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Socio-Economic Review (2005) 3, 559567


Institutionalists at the limits of

institutionalism: a constructivist
critique of two edited volumes from
Wolfgang Streeck and Kozo Yamamura
Gary Herrigel
Department of Political Science, University of Chicago, 5828 S. University Avenue, Chicago, IL 60637, USA
Correspondence: E-mail:

The two books under review are terrific and amount, essentially, to benchmarks
for any future scholarship on adjustment in Germany and Japan (especially in
Germany). In what follows, I will briefly praise and then, in a more extended
manner, criticize the volumes and the perspective on change in Germany and
Japan that they embody. But the praise is genuine and should not be lost in the
disproportionate space devoted to critique in this contribution.
Keywords: Germany, Japan, economic change, institutionalism

1. Praise
There are two essential dimensions of the volumes deserving of praise. First, the
scope and thoroughness of treatments within subject areas is outstanding. The
essays by Gregory Jackson on Corporate Governance in both volumes are excellent, as are those by Kathleen Thelen and Ikuo Kume on training systems and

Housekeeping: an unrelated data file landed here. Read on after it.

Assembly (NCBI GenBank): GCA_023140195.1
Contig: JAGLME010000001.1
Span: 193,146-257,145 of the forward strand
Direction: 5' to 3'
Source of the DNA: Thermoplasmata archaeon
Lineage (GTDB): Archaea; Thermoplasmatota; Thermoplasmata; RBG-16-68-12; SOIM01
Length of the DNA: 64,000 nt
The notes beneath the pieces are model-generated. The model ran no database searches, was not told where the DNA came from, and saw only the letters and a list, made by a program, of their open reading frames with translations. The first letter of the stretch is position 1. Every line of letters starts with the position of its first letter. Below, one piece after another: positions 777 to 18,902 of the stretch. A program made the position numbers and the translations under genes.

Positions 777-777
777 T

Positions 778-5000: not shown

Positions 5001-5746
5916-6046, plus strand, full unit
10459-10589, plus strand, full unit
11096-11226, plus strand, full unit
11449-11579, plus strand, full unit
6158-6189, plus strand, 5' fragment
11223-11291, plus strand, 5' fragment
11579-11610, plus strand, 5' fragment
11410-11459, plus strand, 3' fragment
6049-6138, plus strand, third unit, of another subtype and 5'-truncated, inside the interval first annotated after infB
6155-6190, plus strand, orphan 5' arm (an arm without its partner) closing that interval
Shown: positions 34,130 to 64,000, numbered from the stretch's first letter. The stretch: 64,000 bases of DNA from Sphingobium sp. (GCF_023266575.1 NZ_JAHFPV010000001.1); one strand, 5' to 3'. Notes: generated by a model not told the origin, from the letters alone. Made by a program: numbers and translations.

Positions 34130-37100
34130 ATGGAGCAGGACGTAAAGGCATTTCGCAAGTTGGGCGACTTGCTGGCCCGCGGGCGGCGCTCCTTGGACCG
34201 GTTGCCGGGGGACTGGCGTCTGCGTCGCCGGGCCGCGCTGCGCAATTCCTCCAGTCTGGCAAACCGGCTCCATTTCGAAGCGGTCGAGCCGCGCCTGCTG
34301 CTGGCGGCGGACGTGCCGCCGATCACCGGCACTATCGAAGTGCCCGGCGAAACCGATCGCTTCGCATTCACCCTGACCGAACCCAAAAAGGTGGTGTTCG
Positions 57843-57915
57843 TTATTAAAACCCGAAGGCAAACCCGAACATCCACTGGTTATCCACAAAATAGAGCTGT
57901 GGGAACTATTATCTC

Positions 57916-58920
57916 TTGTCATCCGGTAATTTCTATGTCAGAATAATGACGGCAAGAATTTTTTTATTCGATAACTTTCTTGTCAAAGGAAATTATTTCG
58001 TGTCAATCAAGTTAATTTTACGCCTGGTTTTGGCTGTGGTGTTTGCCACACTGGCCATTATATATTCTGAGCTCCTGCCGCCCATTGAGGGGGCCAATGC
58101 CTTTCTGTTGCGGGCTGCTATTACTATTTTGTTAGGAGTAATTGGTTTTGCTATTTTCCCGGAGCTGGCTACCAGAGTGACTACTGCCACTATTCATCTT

industrial relations. There are many good essays in the second volume in
particularone of the most interesting was by Uli Jurgens comparing the evolution of production models in the US, Japan and Germany. Each essay in each of
the volumes is a useful introduction to the situation in Germany and Japan
regarding their problem areas.
Second, on a theoretical level, the volumes are interesting because they openly
ruminate about the adequacy of their own institutionalist commitments, and in
many places take positions that are much more characteristic of constructivist
traditions in social theory than institutionalist ones. At the end of the day, the
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G. Herrigel

editors and authors fall short of abandoning institutionalism and embracing

constructivism. But their ruminations on the limits of institutionalism are
In their two introductory essays, for example, Streeck and Yamamura push
their view of change far beyond the traditional conception of institutions as
constraints and enablers for social action. Instead, they point to dimensions of
social action and transformation that many constructivists (e.g. Dewey, 2002;